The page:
On a larger scale there are a few GPs who have a grass roots commitment to bulk-billing and are financially secure enough to not really care about the short falls. They will bulk-bill with or without the $5. And then there are the others who feel the financial squeeze as I do and the $5 is too small to make bulk-billing attractive. Practices that charge privately have lower overheads. Generally they see fewer patients so the need fewer reception staff, they go through less stock in their treatment rooms. GPs cannot charge patients to recoup this cost. It is illegal. Bulk-billing practices have smaller margins, more staff are required, go through more stock…experience more stress as the fewer receptionists become outnumbered by the anxious agitated patients who are waiting hours for their turn to see their GP. Privately charging places are more relaxed, the wait is shorter, the stress level much lower, and the patients happier…this is worth more to these GPs than $5.

the Government has failed to identify the cohort of the swinging Bulk-billing GP. Some GPs will never bulk-bill and some will always bulk-bill. You need to identify the variables that affect those uncommitted. Having a happy efficient practice generally means more money but ther are other issues as well.

Thank you

Dr. Thomas Lyons


Submission – Senate Select Committee on Medicare – First Inquiry

(I got this information as a result of Google search. When I try to retrieve this from government website, it denied my access. So I leave the link from Google search result. Once again, I removed his contact number, but you will see it when you click the link below.)

Non-VR point of View


The AMA and the Health Department are deceiving the Australian Public because 5000 GPs on 1989 rebates are being forced out of bulk billing. This is 20-25% of the Australian GP workforce. They are classified as Non-Vocationally Registered (Non-VR) - meaning that in 1989 they had not been GPs for the 5-year requirement to become Vocationally Registered (VR). The Non-VR GPs are still working on 1989 rebates of $17.85 per patient for a standard consultation, so as most of us work as contractors we receive 50% (approx. $8.90). Less than a hairdresser!! The rebate is the amount of money the government contributes to the consultation. There is a major incentive here to abandon bulk billing, abandon general practice, or abandon medicine. If the Non-VR GPs abandon bulk billing, it is their patients who are the ones out of pocket because they only receive $17.85 (the patients of VR GPs currently receive $25.05). The government knows the Non-VR GPs are under great pressure, but they still deceive the public with their fake determination to maintain bulk billing. This two-tier system is derived from a cabinet decision in 1989. Having two rates of pay for the same work is in breach of the UN Charter of Human Rights. The AMA is ignoring the issue of the Non-VR rebates because they are pushing loudly for the majority VR GPs to be given $48 per patient. The AMA knows that if the Non-VR rebate remains frozen, this huge increase for the VR GPs will be easier to reach. Non-VR GP hardships are a leg up for the AMA. Kay Patterson is comfortable that 5000 GPs are working at a discount rate. There is a cozy collusion here between the AMA and Kay Patterson.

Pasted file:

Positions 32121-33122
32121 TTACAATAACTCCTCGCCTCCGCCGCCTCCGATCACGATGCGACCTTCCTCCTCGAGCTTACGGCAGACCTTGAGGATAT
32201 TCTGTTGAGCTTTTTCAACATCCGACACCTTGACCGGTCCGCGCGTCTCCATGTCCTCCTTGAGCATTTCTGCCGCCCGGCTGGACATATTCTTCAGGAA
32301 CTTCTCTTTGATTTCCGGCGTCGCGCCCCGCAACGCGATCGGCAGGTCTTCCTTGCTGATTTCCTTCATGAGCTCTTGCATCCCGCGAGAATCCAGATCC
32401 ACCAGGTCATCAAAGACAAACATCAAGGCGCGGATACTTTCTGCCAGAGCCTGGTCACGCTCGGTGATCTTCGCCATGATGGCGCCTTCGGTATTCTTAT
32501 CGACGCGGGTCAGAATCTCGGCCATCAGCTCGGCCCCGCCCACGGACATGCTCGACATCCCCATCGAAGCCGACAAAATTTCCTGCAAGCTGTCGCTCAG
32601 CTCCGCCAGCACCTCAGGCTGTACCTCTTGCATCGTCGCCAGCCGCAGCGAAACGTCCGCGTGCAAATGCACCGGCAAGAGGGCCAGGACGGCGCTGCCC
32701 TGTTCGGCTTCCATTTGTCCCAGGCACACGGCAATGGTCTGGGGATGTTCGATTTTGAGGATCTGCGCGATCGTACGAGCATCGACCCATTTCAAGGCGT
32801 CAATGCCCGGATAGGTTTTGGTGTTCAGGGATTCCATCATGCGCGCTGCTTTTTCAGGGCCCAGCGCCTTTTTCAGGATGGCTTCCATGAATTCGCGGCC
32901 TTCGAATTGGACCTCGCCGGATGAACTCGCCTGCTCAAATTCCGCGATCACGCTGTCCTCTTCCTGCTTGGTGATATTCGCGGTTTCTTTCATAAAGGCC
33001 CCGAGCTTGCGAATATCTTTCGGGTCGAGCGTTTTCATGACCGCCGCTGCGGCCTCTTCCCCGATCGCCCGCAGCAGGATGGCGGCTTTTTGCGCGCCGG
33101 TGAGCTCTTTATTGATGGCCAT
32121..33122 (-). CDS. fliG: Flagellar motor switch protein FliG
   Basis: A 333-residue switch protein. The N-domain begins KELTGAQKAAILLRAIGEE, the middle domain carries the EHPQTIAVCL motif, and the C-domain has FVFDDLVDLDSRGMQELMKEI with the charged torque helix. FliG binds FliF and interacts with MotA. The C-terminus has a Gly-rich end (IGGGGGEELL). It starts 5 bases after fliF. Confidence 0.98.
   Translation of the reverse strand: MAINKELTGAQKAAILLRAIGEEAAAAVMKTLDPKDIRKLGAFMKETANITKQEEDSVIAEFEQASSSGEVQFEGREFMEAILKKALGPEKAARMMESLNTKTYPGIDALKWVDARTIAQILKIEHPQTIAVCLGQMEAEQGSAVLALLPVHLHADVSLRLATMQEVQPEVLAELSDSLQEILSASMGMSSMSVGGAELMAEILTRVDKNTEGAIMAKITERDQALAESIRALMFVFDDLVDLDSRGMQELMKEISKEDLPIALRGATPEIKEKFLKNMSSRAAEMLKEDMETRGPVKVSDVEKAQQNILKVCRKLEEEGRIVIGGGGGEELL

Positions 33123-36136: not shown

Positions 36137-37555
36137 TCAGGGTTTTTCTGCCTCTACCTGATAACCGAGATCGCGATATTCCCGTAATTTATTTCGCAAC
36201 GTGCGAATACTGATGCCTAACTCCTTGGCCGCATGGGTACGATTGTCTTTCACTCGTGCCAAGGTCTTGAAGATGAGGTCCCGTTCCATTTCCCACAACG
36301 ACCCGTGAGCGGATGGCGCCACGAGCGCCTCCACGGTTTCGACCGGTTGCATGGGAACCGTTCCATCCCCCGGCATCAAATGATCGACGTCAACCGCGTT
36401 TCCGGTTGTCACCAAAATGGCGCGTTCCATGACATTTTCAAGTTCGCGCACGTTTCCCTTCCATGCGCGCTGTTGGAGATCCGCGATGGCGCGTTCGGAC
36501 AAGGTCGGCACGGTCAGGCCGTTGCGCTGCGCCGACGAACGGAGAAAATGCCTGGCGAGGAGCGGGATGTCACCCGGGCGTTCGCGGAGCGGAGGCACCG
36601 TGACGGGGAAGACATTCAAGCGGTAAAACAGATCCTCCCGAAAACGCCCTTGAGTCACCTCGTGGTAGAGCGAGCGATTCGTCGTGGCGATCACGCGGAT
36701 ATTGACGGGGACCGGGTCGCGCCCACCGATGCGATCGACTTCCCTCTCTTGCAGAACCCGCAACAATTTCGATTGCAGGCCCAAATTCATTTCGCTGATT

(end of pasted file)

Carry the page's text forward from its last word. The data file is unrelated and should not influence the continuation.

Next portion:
In November last year a public servant working in policy development for the Commonwealth Department of Health confided to me that they do not expect Non-VR GPs to bulk-bill anyway. They know it is impossible. Emma Handyside, advisor on GP matters to Kay Patterson informs me that the Non- VR issue will never be on the agenda. Ian Mcrae, a senior bureaucrat in the department of health has told me that in his opinion Non-VR GPs should not be working anyway. In his view we are all luck to have jobs.

Dr Thomas Lyons



Once again, I have no power to change the situation. But I am hoping that my wonderful GP will not abandon his career and will keep helping desperate patients like me. Personally, I don’t mind pay him the same fee as I used to pay for the GPs who did not want to help me. It is much more important to me if my GP is willing to help me or not, and has skill and knowledge to help me, rather than if my GP is VR or NVR.

Filed under: Doctors

Comments (1)
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We are determined to end this. If you are one of these Aussie doctors subject to this SCANDALOUS and ILLEGAL fedgov pay discrimination please contact us at: